About Backyard Chickens
Backyard Chickens is the best application if you want to know everything about Backyard Chickens.
Backyard chicken is a chicken kept on a residential lot.
The primary reasons for keeping chickens are the food and income made by selling the eggs and meat. Other reasons include use in ceremonies and as gifts.
This article is based on the results of a study of the urban agriculture and the urbanization of urban areas.
According to National Sustainable Agriculture Information Service and experts in backyard agriculture, there are a host of personal benefits associated with urban agriculture and keeping chickens in one's own backyard.
In Canada and the United States, the raising of chickens on urban, suburban, and small town residential lots has become increasingly popular. For example, in Madison, Wisconsin, citizens formed a group called the Chicken Underground, 81 registered owners.
A film titled Mad City Chickens was made about their campaign. More and more cities that had previously banned urban chickens are removing old rules or making permits easier to obtain.
Policies towards keeping chickens vary by country, county, or city. Other cities with urban chicken programs and activists include Halifax, New York City, Portland, Oregon, Seattle and Vancouver.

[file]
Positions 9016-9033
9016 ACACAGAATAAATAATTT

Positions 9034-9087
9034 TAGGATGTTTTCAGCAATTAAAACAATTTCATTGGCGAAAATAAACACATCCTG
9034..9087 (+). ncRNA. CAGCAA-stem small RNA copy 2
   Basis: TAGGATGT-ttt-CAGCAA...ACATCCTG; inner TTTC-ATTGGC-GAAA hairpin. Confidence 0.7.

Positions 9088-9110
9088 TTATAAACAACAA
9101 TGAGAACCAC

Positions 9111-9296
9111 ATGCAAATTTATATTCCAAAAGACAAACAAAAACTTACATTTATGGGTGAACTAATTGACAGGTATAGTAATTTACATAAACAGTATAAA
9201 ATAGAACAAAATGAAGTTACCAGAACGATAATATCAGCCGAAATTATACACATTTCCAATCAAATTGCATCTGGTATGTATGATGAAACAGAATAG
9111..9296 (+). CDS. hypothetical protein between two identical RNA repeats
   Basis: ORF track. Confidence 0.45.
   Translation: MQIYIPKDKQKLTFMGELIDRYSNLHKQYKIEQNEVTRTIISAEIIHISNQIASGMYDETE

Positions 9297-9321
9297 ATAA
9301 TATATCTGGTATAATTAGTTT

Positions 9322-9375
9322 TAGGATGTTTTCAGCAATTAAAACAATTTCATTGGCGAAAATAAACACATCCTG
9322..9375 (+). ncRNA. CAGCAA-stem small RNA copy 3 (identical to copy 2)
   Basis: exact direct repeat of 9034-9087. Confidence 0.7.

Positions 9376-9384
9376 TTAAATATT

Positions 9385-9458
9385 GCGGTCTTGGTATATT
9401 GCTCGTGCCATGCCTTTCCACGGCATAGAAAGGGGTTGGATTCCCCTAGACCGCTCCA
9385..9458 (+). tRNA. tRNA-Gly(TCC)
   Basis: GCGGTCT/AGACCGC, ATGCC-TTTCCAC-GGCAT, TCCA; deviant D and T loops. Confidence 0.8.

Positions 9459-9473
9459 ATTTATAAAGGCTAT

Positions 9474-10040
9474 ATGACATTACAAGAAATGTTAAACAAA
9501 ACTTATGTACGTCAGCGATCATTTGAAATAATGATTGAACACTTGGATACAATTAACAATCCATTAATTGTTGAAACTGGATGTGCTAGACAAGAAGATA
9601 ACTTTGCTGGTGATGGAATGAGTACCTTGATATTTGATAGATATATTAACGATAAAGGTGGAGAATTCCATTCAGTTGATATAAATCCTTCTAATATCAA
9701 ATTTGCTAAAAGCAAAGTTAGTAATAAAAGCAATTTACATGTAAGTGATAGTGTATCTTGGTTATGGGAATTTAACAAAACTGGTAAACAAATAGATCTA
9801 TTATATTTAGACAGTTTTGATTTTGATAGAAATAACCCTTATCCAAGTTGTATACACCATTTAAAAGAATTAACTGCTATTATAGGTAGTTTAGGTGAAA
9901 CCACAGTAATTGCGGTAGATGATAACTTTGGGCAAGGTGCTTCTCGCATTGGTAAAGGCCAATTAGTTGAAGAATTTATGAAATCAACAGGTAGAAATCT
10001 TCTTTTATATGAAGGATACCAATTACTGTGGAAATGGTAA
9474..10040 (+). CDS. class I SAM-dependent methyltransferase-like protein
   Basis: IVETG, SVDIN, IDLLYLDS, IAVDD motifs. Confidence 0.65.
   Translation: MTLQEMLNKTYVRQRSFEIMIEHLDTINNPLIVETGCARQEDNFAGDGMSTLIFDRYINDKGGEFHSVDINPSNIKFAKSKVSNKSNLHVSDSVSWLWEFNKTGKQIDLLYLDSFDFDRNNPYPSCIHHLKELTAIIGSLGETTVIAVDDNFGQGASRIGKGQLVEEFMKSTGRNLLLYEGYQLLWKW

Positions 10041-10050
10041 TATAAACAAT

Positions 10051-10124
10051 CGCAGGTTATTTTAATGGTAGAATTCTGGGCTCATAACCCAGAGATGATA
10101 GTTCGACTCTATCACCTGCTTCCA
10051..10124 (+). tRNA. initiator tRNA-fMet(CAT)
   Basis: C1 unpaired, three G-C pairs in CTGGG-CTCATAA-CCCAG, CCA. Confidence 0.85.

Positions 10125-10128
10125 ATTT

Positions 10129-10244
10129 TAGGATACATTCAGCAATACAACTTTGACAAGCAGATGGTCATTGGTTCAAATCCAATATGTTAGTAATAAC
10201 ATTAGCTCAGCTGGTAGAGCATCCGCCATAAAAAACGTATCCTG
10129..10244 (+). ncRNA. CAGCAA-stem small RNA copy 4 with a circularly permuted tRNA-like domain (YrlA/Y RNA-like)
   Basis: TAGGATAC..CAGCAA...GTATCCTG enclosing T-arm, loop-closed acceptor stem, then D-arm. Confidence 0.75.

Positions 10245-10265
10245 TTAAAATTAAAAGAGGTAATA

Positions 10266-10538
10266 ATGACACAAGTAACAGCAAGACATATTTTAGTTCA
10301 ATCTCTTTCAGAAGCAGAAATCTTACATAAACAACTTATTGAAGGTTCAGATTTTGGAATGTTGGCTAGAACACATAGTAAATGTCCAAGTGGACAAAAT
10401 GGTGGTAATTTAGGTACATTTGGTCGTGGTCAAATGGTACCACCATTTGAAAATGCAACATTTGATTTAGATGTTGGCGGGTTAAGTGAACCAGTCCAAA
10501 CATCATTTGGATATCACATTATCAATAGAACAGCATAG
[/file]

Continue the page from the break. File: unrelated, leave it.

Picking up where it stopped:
In the UK, the keeping of chickens has also grown in popularity with as many as 200,000 households involved. Sales of the fashionable Eglu hen house increased ten-fold between 2004 and 2009.
While there are over 300 different breeds of chickens, most people choose between a few breeds.
Most chicken owners are looking for a high-producing egg layer, cold- and heat-hardy, docile, quiet, non-broody, and aesthetically pleasing chicken breed. Many chickens raised in factories are white leghorns. This breed is noisy, but have a very high production of eggs and rarely go broody, and they are not very docile, cold-hardy or aesthetically pleasing.
Rhode Island Red, Barred Rocks, Red and Black Sex-links, Buff Orpingtons, Brahmas, Wyandottes, etc. These breeds are all the categories that urban chicken owners are looking for.
Meat chickens are different than egg-laying chickens for urban chicken owners. Chicks are also known as chicken chickens. As with egg-laying breeds, there is a variety of meat chicken breeds. These chickens are butcher-ready in a short time period after hatching.
Some breeds grow to full size in as little as 5 weeks. Other breeds grow for up to 12-14 weeks until the butcher date. Meat chickens provide urban chicken owners the ability to know where their meat is coming from, and how it was raised.
There are some common concerns associated with the practice of raising chickens in residential areas, specifically noise, odor, attraction of predators / pests, property values, and health. Most chicken owners say that these myths and misconceptions about chickens and their behavior are central to the issues surrounding the keeping of urban chickens.
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